The Value Trap Gets Crowded: Michael P. Reganby
If your financial adviser put you in a mutual fund that had slumped 24 percent for the year, you’d probably have given him a call by now, right?
That seems to be the predicament that adviser David Mendels is in these days when it comes to Longleaf Partner’s Fund. As Charles Stein reported today, the Longleaf fund is going through a rough patch after beating the market for two decades.
Indeed, Mendels is probably not the only one getting calls. The whole notion of value investing has seen better days, and this is an alarming trend for the old guard on Wall Street. The concept of buying stocks that appear to be undervalued by the market was pioneered almost a century ago by author and professor Benjamin Graham, who lit a torch that’s been carried by the likes of Warren Buffett, Seth Klarman, David Einhorn and many others.
Using indexes of "pure value" and "pure growth" stocks in the S&P 500, the difficulty for value-oriented investors is easy to see this year. The pure growth stocks have returned more than 1 percent including dividends, outperforming value stocks by 9 percentage points.
The last we heard from Klarman’s $28.5 billion Baupost Group it had posted a 1.4 percent loss in the second quarter and was close to flat for the year, before the real volatility started. Einhorn’s Greenlight Capital was down 17 percent in 2015 as of the end of last month. Even Buffett’s Berkshire Hathaway shares are currently down 13 percent year to date.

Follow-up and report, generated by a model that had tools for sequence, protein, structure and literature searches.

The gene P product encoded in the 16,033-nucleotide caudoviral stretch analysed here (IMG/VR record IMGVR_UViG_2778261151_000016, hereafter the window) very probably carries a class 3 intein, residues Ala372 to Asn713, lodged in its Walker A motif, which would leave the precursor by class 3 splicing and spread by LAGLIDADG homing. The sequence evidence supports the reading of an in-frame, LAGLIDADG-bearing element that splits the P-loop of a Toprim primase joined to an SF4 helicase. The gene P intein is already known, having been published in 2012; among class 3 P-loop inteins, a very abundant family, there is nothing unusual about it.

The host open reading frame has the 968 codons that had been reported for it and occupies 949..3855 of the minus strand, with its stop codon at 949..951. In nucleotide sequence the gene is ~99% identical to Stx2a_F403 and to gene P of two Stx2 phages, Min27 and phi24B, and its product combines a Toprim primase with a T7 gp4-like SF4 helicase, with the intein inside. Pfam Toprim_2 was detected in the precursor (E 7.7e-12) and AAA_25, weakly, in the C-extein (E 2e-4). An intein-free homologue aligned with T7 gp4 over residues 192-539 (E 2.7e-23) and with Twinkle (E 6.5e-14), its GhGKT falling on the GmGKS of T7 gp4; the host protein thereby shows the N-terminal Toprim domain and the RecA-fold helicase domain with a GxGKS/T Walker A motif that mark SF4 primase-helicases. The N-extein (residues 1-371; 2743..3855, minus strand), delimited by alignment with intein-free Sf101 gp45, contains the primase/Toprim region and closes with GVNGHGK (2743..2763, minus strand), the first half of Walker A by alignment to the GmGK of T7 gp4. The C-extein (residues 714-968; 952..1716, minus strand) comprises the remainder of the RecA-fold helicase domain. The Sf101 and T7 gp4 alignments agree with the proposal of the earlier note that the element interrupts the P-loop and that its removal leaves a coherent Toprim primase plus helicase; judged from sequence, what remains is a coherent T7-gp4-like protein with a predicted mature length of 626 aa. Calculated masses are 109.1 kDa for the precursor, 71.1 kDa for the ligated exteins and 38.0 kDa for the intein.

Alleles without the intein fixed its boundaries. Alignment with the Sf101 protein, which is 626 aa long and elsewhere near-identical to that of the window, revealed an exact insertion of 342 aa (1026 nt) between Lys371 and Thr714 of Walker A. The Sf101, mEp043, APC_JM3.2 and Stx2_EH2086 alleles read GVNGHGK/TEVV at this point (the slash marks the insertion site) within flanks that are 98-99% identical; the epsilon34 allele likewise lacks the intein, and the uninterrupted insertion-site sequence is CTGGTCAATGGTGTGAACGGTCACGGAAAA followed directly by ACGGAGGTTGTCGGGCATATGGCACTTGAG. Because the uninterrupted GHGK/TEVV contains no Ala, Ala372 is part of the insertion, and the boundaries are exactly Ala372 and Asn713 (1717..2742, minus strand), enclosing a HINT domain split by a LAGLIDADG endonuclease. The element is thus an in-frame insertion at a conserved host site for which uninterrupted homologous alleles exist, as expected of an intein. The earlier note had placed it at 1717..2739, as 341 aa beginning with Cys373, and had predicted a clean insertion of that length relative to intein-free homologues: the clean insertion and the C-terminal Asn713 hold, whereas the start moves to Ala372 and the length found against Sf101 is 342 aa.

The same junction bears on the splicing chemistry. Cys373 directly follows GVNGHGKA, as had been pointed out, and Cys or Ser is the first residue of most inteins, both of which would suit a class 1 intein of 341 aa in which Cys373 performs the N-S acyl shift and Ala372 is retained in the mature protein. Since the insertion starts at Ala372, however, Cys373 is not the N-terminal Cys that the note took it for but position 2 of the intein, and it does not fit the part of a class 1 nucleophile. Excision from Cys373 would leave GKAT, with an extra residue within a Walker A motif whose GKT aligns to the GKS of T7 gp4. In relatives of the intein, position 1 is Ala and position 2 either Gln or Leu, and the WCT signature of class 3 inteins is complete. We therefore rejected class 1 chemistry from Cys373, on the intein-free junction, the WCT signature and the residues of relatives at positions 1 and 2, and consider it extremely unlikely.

A common theme to many of these stories is what’s known as the "value trap" -- stocks with valuations that look enticingly cheap lure in investors, only to fall further. The trap was set this year in -- where else? -- the energy sector.
At the beginning of the year, five of the 10 most heavily weighted stocks in the S&P 500 Pure Value Index were energy companies: Nabors Industries, Valero Energy, Chesapeake Energy, Denbury Resources and Noble Corp. Except for the refiner Valero, they’ve all gotten creamed this year.
For Longleaf, the bait in the value trap was stocks such as Consol Energy Inc., Chesapeake Energy and Murphy Oil Corp. Consol shares fell to as low as 1.4 times book value last year after trading as high as 5.7 times in 2010. Following a 69 percent slump this year, its price-to-book is now 0.5. Chesapeake’s dipped below 0.9 last year and Murphy’s fell below 1, but the stocks are down 58 percent and 46 percent, respectively, this year.
Value investors often operate under the mantra of staying true to your thesis and riding out times of hardship like this with confidence that your picks will eventually deliver. That may be the right call this time, too. But as the losses pile up, it’s looking like it will be a harder and harder mantra for investors in these funds to stomach as the wisdom of the managers is called into question.
“I don’t think they have suddenly taken stupid pills,” Mendels, an adviser at Creative Financial Concepts in New York, said of Longleaf in a memorable quote from Stein’s story.
Hmm. Maybe it would’ve been better if they actually had taken stupid pills? Then they could solve this mess by simply stopping the stupid-pill regimen.
Instead, it appears to be more worrisome than that: even the smartest investors can fall into a value trap.